Adamo has a light and ultra-slim design that makes it easy to hold with a few fingers. It measures 0.65 inches (16.39mm) at its thinnest point, and weighs around 4 pounds (1.8 kilograms), with a 13.4-inch screen.
With prices starting at around US$2,000, it isn’t targeted at normal buyers, said John New, senior product marketing manager at Dell.
“It’s for an affluent crowd, and somebody who’s fashion forward, style conscious who wants to project an image of success and style. They probably have a fine watch, and nice, name-brand accessories, and we want this to be one of them,” he said.
The laptop uses new technologies that could make it a speedy machine — it runs on an ultra-low power Intel processor, supports DDR3 memory and includes SSD storage. A battery built inside the laptop provides about four to five hours of run time per charge.
Speculation around Adamo heated up late last year when observers suggested Dell was building a laptop as a response to Apple’s MacBook Air. The rumor was confirmed when the laptop was shown to the press at the Consumer Electronics Show in January. Dell did not reveal its specifications at the time, saying Adamo was being shown to squash impending rumors about its existence.
Adamo is heavier and may be bigger than the MacBook Air, but it provides Dell an entrance into the ultraportable market to compete with offerings that include Hewlett-Packard’s Voodoo Envy. Dell could particularly face an uphill battle against Apple, which has a leg up with impressive designs and a loyal customer base that allows it to charge a premium for products.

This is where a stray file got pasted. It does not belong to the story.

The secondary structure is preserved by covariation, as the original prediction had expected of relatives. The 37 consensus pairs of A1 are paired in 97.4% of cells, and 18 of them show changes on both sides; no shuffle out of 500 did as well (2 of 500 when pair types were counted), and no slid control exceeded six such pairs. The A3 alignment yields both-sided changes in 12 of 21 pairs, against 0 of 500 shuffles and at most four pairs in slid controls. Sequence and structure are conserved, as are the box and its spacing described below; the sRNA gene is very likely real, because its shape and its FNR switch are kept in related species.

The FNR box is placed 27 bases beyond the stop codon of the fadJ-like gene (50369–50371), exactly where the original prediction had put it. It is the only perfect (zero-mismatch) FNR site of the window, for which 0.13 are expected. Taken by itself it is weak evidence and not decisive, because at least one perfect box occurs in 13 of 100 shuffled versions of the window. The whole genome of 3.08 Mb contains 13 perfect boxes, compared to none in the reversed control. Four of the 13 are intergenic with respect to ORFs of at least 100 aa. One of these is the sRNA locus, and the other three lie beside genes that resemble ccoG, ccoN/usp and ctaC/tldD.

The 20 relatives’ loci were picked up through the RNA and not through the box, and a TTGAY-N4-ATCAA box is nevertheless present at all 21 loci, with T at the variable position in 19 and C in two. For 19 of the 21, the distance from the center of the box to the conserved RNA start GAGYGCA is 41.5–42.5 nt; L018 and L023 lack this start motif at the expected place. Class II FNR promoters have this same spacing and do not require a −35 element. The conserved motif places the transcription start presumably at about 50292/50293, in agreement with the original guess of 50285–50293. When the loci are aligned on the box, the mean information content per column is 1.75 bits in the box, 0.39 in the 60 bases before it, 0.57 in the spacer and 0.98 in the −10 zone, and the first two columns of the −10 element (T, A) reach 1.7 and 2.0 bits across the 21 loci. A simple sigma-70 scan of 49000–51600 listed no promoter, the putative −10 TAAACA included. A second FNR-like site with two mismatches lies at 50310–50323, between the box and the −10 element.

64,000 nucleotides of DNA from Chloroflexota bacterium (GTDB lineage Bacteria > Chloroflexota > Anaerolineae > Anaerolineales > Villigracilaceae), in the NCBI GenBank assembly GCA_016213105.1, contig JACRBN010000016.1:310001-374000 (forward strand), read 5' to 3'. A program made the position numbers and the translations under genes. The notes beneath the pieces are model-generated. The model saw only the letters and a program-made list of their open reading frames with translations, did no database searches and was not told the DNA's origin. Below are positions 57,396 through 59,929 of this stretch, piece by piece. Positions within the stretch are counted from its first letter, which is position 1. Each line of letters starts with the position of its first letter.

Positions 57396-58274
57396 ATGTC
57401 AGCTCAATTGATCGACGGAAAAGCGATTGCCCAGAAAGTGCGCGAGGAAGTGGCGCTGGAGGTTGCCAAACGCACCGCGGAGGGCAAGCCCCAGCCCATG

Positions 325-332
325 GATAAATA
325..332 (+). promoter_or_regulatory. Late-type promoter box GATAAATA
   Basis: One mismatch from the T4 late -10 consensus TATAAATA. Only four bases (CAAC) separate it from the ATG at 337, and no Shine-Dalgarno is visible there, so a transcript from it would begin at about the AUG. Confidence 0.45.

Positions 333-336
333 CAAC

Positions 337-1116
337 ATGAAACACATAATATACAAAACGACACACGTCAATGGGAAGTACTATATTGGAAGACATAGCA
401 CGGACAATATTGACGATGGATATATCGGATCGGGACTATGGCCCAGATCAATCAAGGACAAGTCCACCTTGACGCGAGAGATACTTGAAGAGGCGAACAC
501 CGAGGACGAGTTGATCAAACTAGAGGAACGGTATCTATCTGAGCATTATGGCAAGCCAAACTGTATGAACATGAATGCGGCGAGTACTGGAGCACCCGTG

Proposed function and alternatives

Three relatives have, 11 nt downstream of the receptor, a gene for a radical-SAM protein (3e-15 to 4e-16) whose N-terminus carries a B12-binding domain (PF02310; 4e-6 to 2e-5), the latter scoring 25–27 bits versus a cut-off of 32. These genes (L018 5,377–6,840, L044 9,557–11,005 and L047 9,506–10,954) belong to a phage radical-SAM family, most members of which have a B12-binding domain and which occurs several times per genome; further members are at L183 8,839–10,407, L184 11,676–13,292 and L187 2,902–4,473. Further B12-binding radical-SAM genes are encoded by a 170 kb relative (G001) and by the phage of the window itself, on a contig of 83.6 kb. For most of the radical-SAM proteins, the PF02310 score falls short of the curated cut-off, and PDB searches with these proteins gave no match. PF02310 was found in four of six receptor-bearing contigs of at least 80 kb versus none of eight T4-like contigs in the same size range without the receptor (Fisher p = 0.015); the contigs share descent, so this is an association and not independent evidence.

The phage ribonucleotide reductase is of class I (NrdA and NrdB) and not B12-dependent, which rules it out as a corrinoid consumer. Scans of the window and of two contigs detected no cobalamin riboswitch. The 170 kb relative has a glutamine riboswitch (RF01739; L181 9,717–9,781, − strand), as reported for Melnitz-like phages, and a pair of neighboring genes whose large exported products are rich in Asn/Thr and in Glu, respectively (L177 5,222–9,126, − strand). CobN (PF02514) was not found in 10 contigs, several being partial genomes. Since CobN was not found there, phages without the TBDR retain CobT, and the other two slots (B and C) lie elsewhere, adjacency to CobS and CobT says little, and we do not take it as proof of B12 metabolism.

Taking a veiled jab at Apple, Dell’s New said that Adamo sacrificed size to bring more practical functionality — like the inclusion of an Ethernet port — rather than skimp on finer details. Apple has been criticized for not including an Ethernet port in the MacBook Air.
“You could do this exercise to make something super thin,” New said. “We want to make sure we deliver performance and value and it’s not just a fluffy purchase.”
Dell has a history of fairly boring designs, but the PC maker has been aggressive about changing that, said Stephen Baker, vice-president of industry analysis at market research firm The NPD Group.
“While not everything has been a success, I think their colors and patterns on notebooks have resonated well and they have been steadily improving the design appeal of their products,” Baker said.
But as consumers cut back on spending during the recession, will anyone pay a premium for the laptop?
Adamo could do fairly well with affluent buyers who continue to spend on hardware and technology products, but it has to be positioned and marketed correctly, Baker said.
“People will spend [on Adamo]. This is not intended to be a high-volume, high-velocity item but more of a statement [product],” he said.
Prices for the laptop start at US$1,999 with a 128GB SSD and an Intel Core 2 Duo SU9300 ultra-low-voltage processor running at 1.2GHz with 2GB of DDR3 memory. The high-end version of Adamo is priced US$2,699, with an Intel Core 2 Duo SU9400 ultra-low voltage processor running at 1.4GHz with 4GB of DDR3 memory.
The laptops include 128GB SSDs for data storage and run on 64-bit Windows Vista OS. Networking options include an Ethernet port and wireless 802.11n networking. Dell does not include an optical drive in the Adamo, but is offering external DVD-RW, Blu-ray drives and external hard drives with storage capacities of 250GB and 500GB.
Internal batteries are replaced by sending the laptop to a depot, New said. He couldn’t predict how many days a user would have to wait to get the laptop back after a battery replacement.
The laptop is available worldwide starting Tuesday from the Adamo Web site.